The ethanol industry had a big 2011, with growth beating hundreds of other sectors, Renewable Fuels Association President and CEO Bob Dinneen said in his State of the Industry address in Orlando, Fla. He told the crowd at the National Ethanol Conference that the industry added $43 billion to the U.S. gross domestic product.
“Last year, we produced a record 13.9 billion gallons of ethanol, found in more than 95% of all U.S. gasoline and sold coast to coast, border to border — and across the pond — and, on top of that, we produced 39 million metric tons of high-protein feed used by livestock here and abroad,” Dinneen said.
The country produces 14.9 billion gallons of ethanol annually, with 209 plants in operation, he said. That ethanol has lowered gasoline prices for consumers, lessened dependence on oil imports and helped farmers get a better price for corn crops.
“By any reasonable economic metric, the state of the ethanol industry is sound,” Dinneen said. “We are helping to grow the economy, add jobs and stimulate investment in domestic energy supplies.”
Last year also marked the end of the Volumetric Ethanol Excise Tax Credit, which the industry had depended on for decades. The industry allowed the incentive to expire because VEETC’s job of expanding a young sector was complete — proof that ethanol had matured, Dinneen said.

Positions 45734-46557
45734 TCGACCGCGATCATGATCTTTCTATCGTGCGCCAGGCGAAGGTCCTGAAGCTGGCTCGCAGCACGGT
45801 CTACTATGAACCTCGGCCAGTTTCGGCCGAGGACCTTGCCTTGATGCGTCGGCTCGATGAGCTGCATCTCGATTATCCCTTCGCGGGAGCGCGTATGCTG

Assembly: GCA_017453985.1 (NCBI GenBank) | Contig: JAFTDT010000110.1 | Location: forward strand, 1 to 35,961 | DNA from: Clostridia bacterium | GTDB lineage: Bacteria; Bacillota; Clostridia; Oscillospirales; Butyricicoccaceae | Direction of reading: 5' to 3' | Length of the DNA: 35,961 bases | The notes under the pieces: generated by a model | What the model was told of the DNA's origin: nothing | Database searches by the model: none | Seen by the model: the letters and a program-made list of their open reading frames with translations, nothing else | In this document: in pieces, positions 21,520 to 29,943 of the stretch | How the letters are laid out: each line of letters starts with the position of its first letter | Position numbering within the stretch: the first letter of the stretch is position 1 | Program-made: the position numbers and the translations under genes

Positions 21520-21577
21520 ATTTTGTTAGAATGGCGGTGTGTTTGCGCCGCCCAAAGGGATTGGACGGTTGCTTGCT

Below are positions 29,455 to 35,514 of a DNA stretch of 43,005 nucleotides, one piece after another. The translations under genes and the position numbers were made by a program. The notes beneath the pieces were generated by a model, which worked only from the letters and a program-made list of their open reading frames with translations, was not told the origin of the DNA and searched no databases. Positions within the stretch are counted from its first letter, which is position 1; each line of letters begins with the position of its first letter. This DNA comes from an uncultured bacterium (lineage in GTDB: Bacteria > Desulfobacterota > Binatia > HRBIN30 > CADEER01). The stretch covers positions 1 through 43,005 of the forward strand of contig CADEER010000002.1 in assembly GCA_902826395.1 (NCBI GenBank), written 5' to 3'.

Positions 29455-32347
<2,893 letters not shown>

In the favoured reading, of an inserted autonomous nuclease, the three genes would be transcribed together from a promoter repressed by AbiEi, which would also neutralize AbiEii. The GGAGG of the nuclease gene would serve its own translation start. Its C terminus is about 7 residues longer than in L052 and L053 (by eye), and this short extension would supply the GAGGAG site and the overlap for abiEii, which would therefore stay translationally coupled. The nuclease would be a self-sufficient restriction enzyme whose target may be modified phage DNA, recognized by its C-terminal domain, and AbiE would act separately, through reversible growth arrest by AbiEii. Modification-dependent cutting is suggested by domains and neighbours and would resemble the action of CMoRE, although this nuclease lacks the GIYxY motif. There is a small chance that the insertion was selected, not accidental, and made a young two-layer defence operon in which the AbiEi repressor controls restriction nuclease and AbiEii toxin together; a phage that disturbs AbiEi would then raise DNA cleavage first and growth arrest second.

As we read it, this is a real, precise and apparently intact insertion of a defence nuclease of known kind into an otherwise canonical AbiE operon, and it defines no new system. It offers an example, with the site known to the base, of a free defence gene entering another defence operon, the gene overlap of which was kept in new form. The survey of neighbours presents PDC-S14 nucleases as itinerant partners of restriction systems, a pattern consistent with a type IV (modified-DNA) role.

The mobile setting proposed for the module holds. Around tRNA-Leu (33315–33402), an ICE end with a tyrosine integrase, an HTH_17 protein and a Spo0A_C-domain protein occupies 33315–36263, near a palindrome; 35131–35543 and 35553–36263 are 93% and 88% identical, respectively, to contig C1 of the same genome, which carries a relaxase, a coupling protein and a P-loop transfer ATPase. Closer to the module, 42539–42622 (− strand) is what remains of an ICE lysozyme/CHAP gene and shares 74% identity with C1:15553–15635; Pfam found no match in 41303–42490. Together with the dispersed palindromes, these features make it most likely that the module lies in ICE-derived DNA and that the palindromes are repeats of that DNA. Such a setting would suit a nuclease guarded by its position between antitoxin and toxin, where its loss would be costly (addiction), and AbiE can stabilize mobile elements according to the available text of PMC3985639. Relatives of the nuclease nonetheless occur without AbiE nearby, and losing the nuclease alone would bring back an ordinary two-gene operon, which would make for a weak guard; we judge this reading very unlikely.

But as strong as the ethanol industry has become, the federal Renewable Fuel Standard remains vital. Dinneen said he supports an all-of-the-above energy strategy, but focusing too much on oil and natural gas, especially drilling in domestic shale formations, and ending the standard would reverse progress that has been made.
The Renewable Fuels Association plans to work with other industry groups and lawmakers to ensure the market for ethanol continues to expand, Dinneen said. Through the approval of E15 — a mixture of 15% ethanol and 85% gasoline — for most vehicles and increased commercialization of E85 for flex-fuel vehicles, the goal can be achieved.
“The RFA has been working with the Open Fuel Standard coalition to promote innovation and consumer choice so that we can grow beyond the 9 million [flex-fuel vehicles] on the road today and develop the infrastructure to support higher blends,” Dinneen said. “To those that see that as a threat to so-called drop-in fuels, I would simply say that a more flexible infrastructure will ultimately benefit all biofuels and create a rising tide for all.”